This study was designed to evaluate the Defending Childhood Demonstration Program, a nationwide initiative to address children's exposure to violence.
The six sites chosen for the program evaluation were located in Boston, MA; Chippewa Cree Tribe, Rocky Boy's Reservation, MT; Cuyahoga County, OH; Grand Forks, ND; Rosebud Sioux Tribe, SD; and Shelby County, TN.
The evaluation consisted of a process evaluation and an impact evaluation. The process evaluation produced a series of reports describing how stakeholders at six sites organized themselves to create and implement a strategic plan; detailing each site's model; and clearly delineating lessons and actionable recommendations for other jurisdictions that might be interested in replicating the process. The process evaluation portion of this study, which consists of qualitative data, is not available at this time due to confidentiality concerns.
The impact evaluation examined the influence of Defending Childhood through a professional survey, a community survey, and analysis of core community indicators. In order to measure key outcomes, the community survey was administered to a random sample of adults in the target communities both before and after the intervention. Similarly, the professional practices survey, designed to measure the impact of sponsored practitioner trainings, was administered both at baseline and six months to one year after training.
Community Survey: The basic element in the sample design was the construction of site-specific community sampling frames consisting of (1) residential telephone numbers and (2) cell phone telephone numbers from which a sample of users could be drawn by random digit dialing (RDD) in each frame. At baseline, this yielded 2,989 household, or landline, interviews and 914 cell phone interviews.
In an effort to ensure that the study included a sizeable proportion of urban residents in Cuyahoga County, SRBI also employed an over-sample of telephone surveys designated as urban by the US Census Bureau. Sample weights were generated post data collection to correct for disproportionate sampling procedures to more accurately reflect total estimates of each community's population.
Professional Survey: The survey was administered online and sent only to individuals who received training through the Defending Childhood Demonstration programs at the sites. The entire universe was surveyed.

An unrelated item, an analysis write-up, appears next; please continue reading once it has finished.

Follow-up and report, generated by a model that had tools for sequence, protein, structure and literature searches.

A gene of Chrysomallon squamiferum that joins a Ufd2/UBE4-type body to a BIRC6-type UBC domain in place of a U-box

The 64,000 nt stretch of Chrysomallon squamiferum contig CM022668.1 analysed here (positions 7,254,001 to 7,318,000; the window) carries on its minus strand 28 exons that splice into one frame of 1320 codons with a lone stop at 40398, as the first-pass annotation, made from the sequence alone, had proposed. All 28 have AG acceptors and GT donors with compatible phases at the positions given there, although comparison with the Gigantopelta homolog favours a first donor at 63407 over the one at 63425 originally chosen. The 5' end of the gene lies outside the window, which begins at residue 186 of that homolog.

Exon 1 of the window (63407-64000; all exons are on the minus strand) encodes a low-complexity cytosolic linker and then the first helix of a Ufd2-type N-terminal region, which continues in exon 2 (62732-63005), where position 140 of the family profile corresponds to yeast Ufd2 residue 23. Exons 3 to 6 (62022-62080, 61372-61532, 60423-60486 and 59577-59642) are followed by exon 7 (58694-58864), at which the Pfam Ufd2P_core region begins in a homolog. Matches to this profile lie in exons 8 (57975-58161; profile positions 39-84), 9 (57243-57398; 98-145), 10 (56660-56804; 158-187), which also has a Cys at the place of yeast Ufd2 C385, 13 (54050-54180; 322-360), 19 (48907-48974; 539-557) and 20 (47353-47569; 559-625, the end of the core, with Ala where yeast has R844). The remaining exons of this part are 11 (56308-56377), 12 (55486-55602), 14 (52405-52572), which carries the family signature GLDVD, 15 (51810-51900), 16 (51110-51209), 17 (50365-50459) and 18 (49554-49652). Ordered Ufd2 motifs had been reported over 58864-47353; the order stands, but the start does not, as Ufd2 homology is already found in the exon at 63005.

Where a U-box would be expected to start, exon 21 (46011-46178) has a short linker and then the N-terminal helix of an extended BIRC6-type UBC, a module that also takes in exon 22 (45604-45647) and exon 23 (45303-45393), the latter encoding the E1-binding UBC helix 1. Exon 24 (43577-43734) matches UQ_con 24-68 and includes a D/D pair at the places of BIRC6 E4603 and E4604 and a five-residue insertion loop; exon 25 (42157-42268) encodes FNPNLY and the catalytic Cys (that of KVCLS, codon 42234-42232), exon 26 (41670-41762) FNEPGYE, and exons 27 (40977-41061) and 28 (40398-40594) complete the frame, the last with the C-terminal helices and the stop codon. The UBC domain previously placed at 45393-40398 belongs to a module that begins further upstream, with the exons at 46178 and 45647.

Community Survey: adult residents 18 years of age or older in each of the Defending Childhood target communities.
Professional Practices Survey: professionals in each of the target communities who received one or more Defending Childhood professional trainings during the intervention.
administrative records data
CI DATA.sav (264 cases, 73 variables): this file includes data derived from administrative records in each community. Variables include information about various types of violent incidents, including community, month, year, quantity, and whether the incident occurred before or during the intervention. Violent incidents include child abuse and neglect, violent arrests, domestic violence with a child present, school fights, school suspensions and expulsions, sexual assault, juvenile witnesses and victims of violent crimes.
CS-W2-NonTribal Sites Data.sav (6005 cases, 183 variables) and CS-W2-Tribal Sites Data.sav (1689 cases, 153 variables): these files include data derived from both waves of the non-tribal and tribal implementation sites. Variables include whether the interview was conducted on a landline or cellphone, number of adults in household, gender, age, income, ethnic background, marital status, employment, level of education, and length of residence. Respondents were asked to assess the extent to which the following were problems in their community: child abuse and neglect, domestic violence, violent crime, bullying, dating violence, gang violence, and sporting event aggression. Respondents were also asked to assess the general safety and cohesion of their neighborhoods. Respondents were asked whether they thought that exposure to violence led to negative outcomes for children, whether various actions could be considered violent, whether respondent would report various types of violence, whether respondent was aware of any community initiatives to address the issue of children witnessing violence, how often the respondent had experienced or witnessed violence, and how often the respondent's child had experienced or witnessed violence.
SPP DATA.sav (467 cases, 138 variables): This file includes data derived from the Professional Survey. Variables include information about the study cite where training was received, survey dates, gender, age, occupation, level of education, length of employment, experience with the Defending Childhood initiative, professional training from previous 2 years, and self-assessment of professional knowledge and activities.
Several Likert-type scales were used.